As with others, we dislike carrying change in our pocket and place it in a bowl when we come home. When the bowl’s full we empty it into a coin bag. And when that’s about all we can lift, we take it to the bank.
But even if your coin bag or whatever you use is half empty, the Tennessee Bankers Association is asking you to turn in your coins.
You’ve probably seen the signs at your favorite grocery asking you to pay by debit or credit card. Walmart is requiring a debit or credit card at self-checkout stations. If you have only cash, it means standing in line at manned registers.
We’re in a coin shortage.
It’s not that the U.S. Mint is cutting back on producing coins. To the contrary, it will nearly double last year’s production by December. It’s that folks aren’t returning coins for recirculation at pre-pandemic rates.
“There is adequate coin in the economy; however, the slowed pace of circulation means that a sufficient amount of coins is not readily available where needed,” said Tennessee Bankers Association President Colin Barrett.
In a nutshell, the pandemic slashed the normal flow of coins in circulation through stores and businesses, U.S. Mint spokesperson Michael White said. “During this pandemic, the demand for circulating coins has drastically increased, in part, because precautions taken throughout the nation to slow the spread of the virus have reduced retail sales activity and significantly decreased deposits from third-party coin processors,” White said.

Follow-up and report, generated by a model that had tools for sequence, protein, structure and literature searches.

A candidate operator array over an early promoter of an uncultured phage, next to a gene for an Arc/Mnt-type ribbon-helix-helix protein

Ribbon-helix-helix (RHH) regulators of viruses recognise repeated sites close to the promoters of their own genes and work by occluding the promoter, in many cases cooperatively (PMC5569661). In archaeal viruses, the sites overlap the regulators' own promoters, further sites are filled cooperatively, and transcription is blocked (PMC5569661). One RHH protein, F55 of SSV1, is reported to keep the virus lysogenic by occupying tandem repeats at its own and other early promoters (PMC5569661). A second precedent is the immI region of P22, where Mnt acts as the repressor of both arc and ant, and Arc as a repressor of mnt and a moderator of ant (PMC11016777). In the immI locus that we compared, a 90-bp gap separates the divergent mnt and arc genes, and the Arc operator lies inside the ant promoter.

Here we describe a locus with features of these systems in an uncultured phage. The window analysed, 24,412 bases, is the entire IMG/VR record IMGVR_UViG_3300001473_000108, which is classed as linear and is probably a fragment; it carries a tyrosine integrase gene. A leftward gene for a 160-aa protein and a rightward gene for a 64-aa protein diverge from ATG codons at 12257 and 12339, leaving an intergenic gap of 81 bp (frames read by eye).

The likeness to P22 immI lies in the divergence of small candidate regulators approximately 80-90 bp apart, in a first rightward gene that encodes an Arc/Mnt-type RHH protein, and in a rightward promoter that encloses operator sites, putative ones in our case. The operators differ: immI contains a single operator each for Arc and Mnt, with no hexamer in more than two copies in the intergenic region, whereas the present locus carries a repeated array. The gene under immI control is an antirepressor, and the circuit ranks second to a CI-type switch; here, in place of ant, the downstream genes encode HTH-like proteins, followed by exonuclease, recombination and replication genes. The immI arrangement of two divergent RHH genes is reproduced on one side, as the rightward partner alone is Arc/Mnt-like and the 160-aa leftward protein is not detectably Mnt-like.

Then too, some folks don’t wish to deal in cash in the belief that you can get sick from it. And maybe you can. In early March, Business Insider said money can carry the virus, quoting an epidemiologist that “coins will transmit a virus better than cash ... the basic rule of thumb should be to consider money dirty anyway, because it is. It goes through too many hands not to be.”
If the government has issued recent, definitive information on your risk of catching COVID-19 from bills or coins, we’re not aware of it.
Throughout the pandemic fewer customers have been using cash to shop to avoid hand-to-hand contact and are using their credit card. That pushes us toward a cashless society, but that’s a problem with those who don’t have a credit card. And the more we use plastic, the greater the demand for coins.
Back in the day, Bing Crosby recorded a song, “Brother Can You Spare a Dime,” a phrase from the Great Depression of the 1930s as those in need begged for help. Now, it’s the bankers who are asking, the people who supposedly have all the money.
If you’ve got a dime, or any change at all, turn it in.